Skydiving involves one or more people exiting an aircraft and slowly descending to earth with the aid of gravity and a parachute. It may require a modest amount of free-fall, wherein the skydiver does not deploy the parachute and rapidly accelerates to terminal velocity. Skydivers are people who actively participate in parachuting as a recreational activity or competitive sport. The military deploys its personnel as a means of transporting ground forces through the air. Fire fighters may also parachute into inaccessible regions, such as the case where a forest fire has surrounded all entry points. A typical jump involves one or more individuals exiting an airplane, helicopter, gondola, or balloon at an altitude ranging from 3,000 to 13,000 feet. Skydivers jumping from a lower altitude must deploy their parachute immediately; however, at higher altitudes, the jumper may free-fall for a short duration before activating the parachute to gradually descend to safer speeds.
Skydivers can practice without physically jumping from a moving aircraft. Instructors teach students skydiving basics by using vertical wind tunnels, an indoor facility that allows skydivers to practice free-falling. Instructors may also use virtual reality parachute simulators to practice parachute control. Novice parachutists may learn the art of skydiving by using static line, a fixed cord attached to a skydiver’s parachute that automatically deploys after the jump. Instructor-assisted deployment involves the same principle used in static line training, except that the student's jumpmaster deploys the parachute by throwing the deployment mechanism downward and away from the exit as the student jumps from the plane. Accelerated free-fall involves a student jumping from an aircraft at very high altitudes and maintaining a downward progression before deploying the parachute. Multiple instructors usually accompany the novice parachutists when attempting accelerated free-fall jumps. Tandem skydiving training involves both the student and instructor deploying the parachute together.
The majority of people have the misconception that skydiving poses a real danger to its participants. In the United States, approximately 21 skydivers die each year to parachute-related deaths, or one death for every 150,000 jumps. Skydivers must carry two parachutes before exiting an aircraft in most of the western world. In addition, a certified parachute rigger must inspect the reserve parachute to ensure that it works properly. Many skydivers have an automatic activation device for the reserve parachute in the event that the main canopy fails to deploy. The majority of skydivers wear visual and audible altimeters fitted to their helmets to protect their vision and hearing. Injuries and fatalities usually occur when a skydiver performs unsafe maneuvers, makes an error in judgment, or acts erratically upon descent.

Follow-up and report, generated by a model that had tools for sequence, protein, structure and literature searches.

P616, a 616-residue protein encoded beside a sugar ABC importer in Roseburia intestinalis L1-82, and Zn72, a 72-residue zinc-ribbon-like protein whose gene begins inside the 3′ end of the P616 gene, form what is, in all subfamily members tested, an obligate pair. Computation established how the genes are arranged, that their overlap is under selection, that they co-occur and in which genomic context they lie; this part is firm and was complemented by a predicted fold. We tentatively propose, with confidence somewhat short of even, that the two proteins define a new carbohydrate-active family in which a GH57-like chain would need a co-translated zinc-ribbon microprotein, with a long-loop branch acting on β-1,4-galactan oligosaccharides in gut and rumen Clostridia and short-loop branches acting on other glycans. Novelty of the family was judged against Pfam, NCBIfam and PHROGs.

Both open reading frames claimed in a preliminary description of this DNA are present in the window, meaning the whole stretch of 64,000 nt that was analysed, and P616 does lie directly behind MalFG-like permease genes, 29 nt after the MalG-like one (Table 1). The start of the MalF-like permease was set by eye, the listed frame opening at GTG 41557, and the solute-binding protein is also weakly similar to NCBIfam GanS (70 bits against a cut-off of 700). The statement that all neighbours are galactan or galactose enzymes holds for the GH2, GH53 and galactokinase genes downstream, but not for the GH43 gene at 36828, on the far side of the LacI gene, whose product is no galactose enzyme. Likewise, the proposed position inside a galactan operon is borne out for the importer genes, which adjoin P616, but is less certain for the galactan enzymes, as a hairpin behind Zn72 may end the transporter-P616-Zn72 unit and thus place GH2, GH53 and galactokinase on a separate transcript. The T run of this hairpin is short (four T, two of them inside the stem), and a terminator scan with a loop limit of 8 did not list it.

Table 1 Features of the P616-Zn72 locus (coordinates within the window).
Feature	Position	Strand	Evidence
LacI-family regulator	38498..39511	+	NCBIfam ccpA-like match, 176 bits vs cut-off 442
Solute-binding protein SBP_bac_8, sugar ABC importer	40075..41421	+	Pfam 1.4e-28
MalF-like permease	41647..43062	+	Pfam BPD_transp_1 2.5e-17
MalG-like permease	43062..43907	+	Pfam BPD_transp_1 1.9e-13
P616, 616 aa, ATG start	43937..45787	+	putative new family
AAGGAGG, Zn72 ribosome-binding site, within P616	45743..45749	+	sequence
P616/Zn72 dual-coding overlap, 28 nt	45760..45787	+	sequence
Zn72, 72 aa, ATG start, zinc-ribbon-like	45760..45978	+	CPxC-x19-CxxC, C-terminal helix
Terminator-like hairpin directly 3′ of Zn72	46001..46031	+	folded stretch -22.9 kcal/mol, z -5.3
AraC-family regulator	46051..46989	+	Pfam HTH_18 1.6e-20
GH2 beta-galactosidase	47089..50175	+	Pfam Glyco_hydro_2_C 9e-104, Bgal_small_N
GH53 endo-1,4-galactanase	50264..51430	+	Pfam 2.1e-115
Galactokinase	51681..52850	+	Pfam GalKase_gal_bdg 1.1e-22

Variations of Skydiving
After learning the logistics of skydiving, purchasing the equipment, and getting in-field training, the average skydiver may attempt to incorporate different variations while jumping in order to have a little fun. For instance, the skydiver may choose to “hit and rock,” a variant of accuracy landing that challenges the parachutist to land close to a chair, remove his harness, sit upright in the chair, and rock back and forth at least one time. The contestant must complete the challenge within a specific time frame. Skydivers may also participate in “tracking,” a variant where skydivers form into a certain body position to achieve a higher forward speed to separate from other jumpers. Other variations include pond swooping, cross-country, camera flying, night jumps, stuff jumps, sky surfing, free flying, formation skydiving, big-ways, wing suit flying, and BASE jumping.
Parachute Deployment & Equipment
Emerging technological and performance enhancements tend to drive the price of skydiving equipment higher than previous gear. Modern skydivers carry more equipment than those who pioneered the sport, mainly because of new safety devices that contribute toward to the cost. In fact, a brand new set of skydiving gear compares to the sticker price on a new motorcycle or economical car. The majority of skydiving enthusiasts realize that a lack of demand causes the prices of skydiving gear to remain at very high levels. Many countries around the world allow skydiving participants to purchase used equipment, a preference for most beginners who wish to try different types of parachutes and acquire all of the necessary items at a reduced cost.
Novice skydivers generally start with large and less intensive parachutes that correspond with the jumper’s body weight. As the novice skydivers gain more confidence, they can acquire more advanced parachutes. More advanced skydivers may change their canopies within an average space of a few years. The harness and peripheral equipment can last for decades if well maintained.
Skydivers refer to their landing spots as drop zones (DZ). A drop zone is an area targeted for landing by skydivers, or a base station from where the parachutists take off in the aircraft and land under foot with their equipment attached to their backs. If the drop zone is the same designated target from where the aircraft departed, then it is likely located beside a small airport that shares with other general aviation. A drop zone reserved for recreational purposes may have a specific spot for parachute landings. Drop zone personnel may include a drop zone operator, pilots, instructors, coaches, camera operators, packers, riggers, manifestors, and other staff.
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